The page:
October 1, 2010
by Canadian Architect
TEXT + PHOTO Cheryl Cooper
Architects foremost of all should be listeners…
Thirty-eight years ago, Arthur Erickson designed the Museum of Anthropology (MOA) at the University of British Columbia. In a forest clearing on a cliff edge, Erickson oriented the Museum to the sea and tied the building to the land in ways expressive of Northwest Coast Native life. Evoking a traditional Haida village, he envisioned an inlet where First Nations peoples brought their canoes to rest on its shell-and-shingle beach, and where, among the longhouses, the Museum would, as Erickson put it, “shelter all those objects, cultural and sacred, that could no longer be left out in the rain.”
Water, and its relationship to light is central to this vision. Erickson saw that water was essential as a boundary for totem poles, a shimmering median. And if the idea of a Haida village actedas a mediator between forest and sea, then the inlet-cum-pond was integral to the narrative of site and meaning of place. Water provides afurther horizontal plane in a composition, intersected by verticals, progressing south to north. Water also brings down the sky, lights the ground, and animates the whole through the multiple, constantly changing reflections of sky, cloud, tree, bird, building and totem, reconciling the public and the sacred, conveying mystery and serenity.
With its indigenous plants and grasses, the landscape becomes part of the outdoor museum, seen as a continuous cultural expression. The reflecting pool is an integral element of this expression of place, people and time, part of its meaning and spirit, metaphysical and ontological.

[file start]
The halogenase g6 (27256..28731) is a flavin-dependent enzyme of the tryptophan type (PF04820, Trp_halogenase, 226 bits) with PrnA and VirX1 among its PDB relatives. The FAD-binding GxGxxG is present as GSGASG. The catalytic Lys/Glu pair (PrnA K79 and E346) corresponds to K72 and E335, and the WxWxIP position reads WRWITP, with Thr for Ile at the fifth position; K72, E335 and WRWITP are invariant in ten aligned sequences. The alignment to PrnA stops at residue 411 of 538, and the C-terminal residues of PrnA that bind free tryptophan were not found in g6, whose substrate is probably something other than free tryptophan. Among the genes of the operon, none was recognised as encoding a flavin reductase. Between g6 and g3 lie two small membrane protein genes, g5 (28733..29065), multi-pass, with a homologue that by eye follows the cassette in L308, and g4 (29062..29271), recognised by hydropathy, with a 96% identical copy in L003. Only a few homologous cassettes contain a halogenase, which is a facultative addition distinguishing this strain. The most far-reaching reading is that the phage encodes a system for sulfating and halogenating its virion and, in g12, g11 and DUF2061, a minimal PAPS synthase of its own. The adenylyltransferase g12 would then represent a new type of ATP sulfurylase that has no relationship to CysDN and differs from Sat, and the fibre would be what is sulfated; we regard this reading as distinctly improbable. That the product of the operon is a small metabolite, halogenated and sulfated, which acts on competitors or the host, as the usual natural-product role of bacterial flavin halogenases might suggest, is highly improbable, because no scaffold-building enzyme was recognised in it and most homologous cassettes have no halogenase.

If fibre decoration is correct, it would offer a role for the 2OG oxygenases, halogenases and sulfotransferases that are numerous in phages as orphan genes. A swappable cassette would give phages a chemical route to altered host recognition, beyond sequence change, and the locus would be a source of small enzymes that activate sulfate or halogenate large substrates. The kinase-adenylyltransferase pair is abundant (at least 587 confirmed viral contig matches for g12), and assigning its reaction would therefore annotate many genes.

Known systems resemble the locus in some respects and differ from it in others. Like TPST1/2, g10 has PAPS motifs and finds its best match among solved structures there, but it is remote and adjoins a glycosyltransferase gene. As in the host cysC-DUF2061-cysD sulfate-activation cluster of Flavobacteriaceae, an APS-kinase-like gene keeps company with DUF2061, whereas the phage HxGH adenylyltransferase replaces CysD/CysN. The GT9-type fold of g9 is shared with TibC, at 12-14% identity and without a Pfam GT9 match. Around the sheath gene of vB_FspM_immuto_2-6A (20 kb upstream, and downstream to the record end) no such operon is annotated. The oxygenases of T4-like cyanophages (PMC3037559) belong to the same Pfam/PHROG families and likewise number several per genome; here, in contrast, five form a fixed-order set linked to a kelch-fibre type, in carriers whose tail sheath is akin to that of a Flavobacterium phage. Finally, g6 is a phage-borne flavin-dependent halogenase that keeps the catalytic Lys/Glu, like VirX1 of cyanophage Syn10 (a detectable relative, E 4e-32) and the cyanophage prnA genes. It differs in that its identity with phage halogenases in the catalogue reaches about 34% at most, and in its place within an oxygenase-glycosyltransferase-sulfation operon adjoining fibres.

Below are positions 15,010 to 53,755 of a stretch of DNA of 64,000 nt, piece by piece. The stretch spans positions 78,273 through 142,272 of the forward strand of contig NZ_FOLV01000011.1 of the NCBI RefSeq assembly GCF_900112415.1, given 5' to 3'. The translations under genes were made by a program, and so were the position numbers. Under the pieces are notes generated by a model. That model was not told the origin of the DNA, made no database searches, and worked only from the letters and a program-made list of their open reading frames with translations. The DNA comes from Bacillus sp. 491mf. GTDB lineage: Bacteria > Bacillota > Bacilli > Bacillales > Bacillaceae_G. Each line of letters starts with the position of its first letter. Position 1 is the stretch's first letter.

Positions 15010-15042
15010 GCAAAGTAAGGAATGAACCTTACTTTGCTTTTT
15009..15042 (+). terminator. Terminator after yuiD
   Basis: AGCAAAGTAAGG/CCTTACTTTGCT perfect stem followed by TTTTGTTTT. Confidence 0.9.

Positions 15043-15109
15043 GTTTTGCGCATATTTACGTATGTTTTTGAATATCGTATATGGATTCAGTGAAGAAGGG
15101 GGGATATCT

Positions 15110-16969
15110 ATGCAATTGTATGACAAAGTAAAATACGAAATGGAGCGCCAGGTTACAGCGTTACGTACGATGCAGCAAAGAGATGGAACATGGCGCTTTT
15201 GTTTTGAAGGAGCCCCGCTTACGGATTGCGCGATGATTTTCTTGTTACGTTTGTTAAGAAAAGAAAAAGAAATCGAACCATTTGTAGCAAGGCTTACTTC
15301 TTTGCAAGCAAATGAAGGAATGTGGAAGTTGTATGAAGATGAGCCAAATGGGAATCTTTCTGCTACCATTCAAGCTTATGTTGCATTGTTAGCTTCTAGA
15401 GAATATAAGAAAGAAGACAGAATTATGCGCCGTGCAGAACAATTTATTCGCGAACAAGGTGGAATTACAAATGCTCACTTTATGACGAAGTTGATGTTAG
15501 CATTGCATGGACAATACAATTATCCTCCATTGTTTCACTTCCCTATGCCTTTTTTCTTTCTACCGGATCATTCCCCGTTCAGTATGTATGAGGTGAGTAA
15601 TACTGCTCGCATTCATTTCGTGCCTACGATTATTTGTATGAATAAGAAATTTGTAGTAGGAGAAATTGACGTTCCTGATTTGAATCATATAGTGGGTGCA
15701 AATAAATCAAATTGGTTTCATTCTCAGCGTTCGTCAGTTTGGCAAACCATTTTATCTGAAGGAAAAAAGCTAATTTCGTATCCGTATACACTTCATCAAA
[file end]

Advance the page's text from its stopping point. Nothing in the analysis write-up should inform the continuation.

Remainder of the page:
I saw this poetry revealed in June 2004 whenI had the pool filled for Arthur’s 80th birthday party, with thanks to the University, the MOA, the Friends of Arthur Erickson, and the reflecting pool’s sponsor, Concord Pacific. The pool had only been filled twice in its history: for a 1993 film shoot for the movie Intersection and for the 1997 APEC Summit. But for the weekend of Arthur’s birthday, hundreds of people saw the magic of the place as Arthur had imagined it. That event, with the photographs, publications, exhibitions, tours and discussions that followed, contributed powerfully to advocacy for the permanent installation of the pool. From that day, Arthur and I always met friends and guests at the Museum with my folder of photographs, most memorably with Yosef Wosk, who has now helped to make this vision possible through his generous, deeply sympathetic gift.
Completing Erickson’s vision is a great tribute. This does not happen without agency: advocacy, political will, funding, perseverance, and passion. All these came together in the support of UBC President Stephen Toope, MOA Director Anthony Shelton, and others. Not least among these is landscape architect Cornelia Hahn Oberlander. Her knowledge and tireless dedication have enabled this challenging project to be realized in keeping with the original concept.
On September 19, 2010, the MOA recognized the completion of the landscape with the Yosef Wosk Reflecting Pool, in honour of Arthur C. Erickson and Cornelia H. Oberlander. Today, we can celebrate the fulfillment of Arthur’s vision and greatest wish. CA
Cheryl Cooper is an arts consultant and Founding Director of the Arthur Erickson Conservancy.
The Yosef Wosk Reflecting Pool completes the landscape of Arthur Erickson' s Museum of Anthropology at the University of British Columbia.